The Research Data Canada Working Group is a collaborative effort to address the challenges and issues surrounding the access and preservation of data arising from Canadian research. This multi-disciplinary group of universities, institutes, libraries, granting agencies, and individual researchers are bonded by a shared recognition of the pressing need to deal with Canadian data management issues.
The research process generates huge amounts of data that are an important part of Canada's scholarly record and contribute to a worldwide body of knowledge. There are, however, no nationally adopted standards or policies governing how this data is collected, catalogued, or preserved. As a result, this data is often inaccessible by other researchers or structured in such a way that it cannot be fully exploited for other uses. This means researchers are missing out on opportunities to re-analyze or re-evaluate the data in the context of new knowledge and essentially losing the chance to get additional value from the data.
The flow of information and ideas amongst researchers is a fundamental element of the discovery and innovation process. Making certain Canada's research data is accessible and usable for current and future generations is imperative to ensuring that Canadian researchers remain at the leading edge of R&D in Canada and around the world.
Over the last several years, pressure has been mounting to preserve and archive Canada's research data to ensure long-term access. A number of drivers have precipitated this, including the risk of losing significant collections of data due to the inability of the current infrastructure to effectively manage what is being produced and the lack of sufficiently descriptive metadata to make it accessible by other researchers.
In addition, there is growing recognition of the value of data beyond what is published in research papers. This recognition stems in part from the increase in large databases and data sets and new ways of re-using and extracting value from the data. The research process is being transformed by information technologies and networking capabilities that facilitate searching, organizing, analyzing and integrating research data to discover new knowledge. With broad access to this wealth of data, researchers will have a powerful tool that will enhance their ability to collaborate across disciplines and sectors and accelerate the innovation process.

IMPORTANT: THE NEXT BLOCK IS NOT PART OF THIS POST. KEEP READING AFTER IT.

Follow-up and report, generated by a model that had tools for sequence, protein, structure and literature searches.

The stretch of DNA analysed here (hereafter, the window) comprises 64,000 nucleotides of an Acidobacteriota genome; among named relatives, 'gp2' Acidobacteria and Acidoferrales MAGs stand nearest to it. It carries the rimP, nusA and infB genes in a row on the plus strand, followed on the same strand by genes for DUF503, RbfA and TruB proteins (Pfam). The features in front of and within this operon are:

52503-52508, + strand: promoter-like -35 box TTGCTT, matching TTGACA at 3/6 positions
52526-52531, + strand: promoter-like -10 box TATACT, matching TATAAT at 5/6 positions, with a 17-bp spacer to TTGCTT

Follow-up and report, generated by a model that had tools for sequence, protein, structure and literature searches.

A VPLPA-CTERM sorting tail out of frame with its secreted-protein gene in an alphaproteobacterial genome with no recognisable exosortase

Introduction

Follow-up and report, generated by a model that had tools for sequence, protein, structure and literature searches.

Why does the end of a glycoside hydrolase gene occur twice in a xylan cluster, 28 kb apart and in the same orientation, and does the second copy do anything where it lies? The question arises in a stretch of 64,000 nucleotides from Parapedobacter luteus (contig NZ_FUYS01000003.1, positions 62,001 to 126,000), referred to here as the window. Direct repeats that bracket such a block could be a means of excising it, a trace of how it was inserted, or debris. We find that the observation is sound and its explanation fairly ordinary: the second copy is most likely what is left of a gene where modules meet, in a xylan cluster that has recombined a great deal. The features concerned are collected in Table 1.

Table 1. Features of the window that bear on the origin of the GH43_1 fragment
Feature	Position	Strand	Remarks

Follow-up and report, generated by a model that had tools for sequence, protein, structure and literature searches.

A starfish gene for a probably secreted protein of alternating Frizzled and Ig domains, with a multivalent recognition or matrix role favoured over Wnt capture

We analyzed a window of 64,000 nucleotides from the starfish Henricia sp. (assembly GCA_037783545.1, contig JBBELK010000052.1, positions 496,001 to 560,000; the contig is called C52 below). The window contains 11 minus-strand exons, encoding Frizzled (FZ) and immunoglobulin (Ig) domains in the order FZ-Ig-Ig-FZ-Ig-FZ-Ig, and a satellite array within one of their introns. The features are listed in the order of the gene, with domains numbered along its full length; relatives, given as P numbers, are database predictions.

The challenges of implementing a system to collect, preserve, and facilitate and control access to research data are substantial, encompassing the following issues:
Given the scope of the challenge, it's clear that these issues cannot be solved in isolation. They must be addressed collectively from a national perspective with the participation of all parts of the research community, including researchers themselves who create and use this data. As a start, the Working Group has established three task groups:
These task groups will build on the foundation of past work in this area, including the recommendations of the Social Sciences and Humanities Research Council's (SSHRC) National Data Archive Consultation, the National Consultation on Access to Scientific Research Data (NCASRD), and, most recently, the Canadian Digital Information Strategy recommendations on data and e-research.
Advances in technology are opening doors to a whole new world of possibilities for data arising from the research process. Over time, as technologies continue to develop, the ability to rapidly search, manipulate and cross-link this data offers tremendous potential. With the ability to access and integrate research data from many diverse sources, researchers will be better positioned to translate research into discoveries and innovations to address important Canadian scientific, social and economic issues.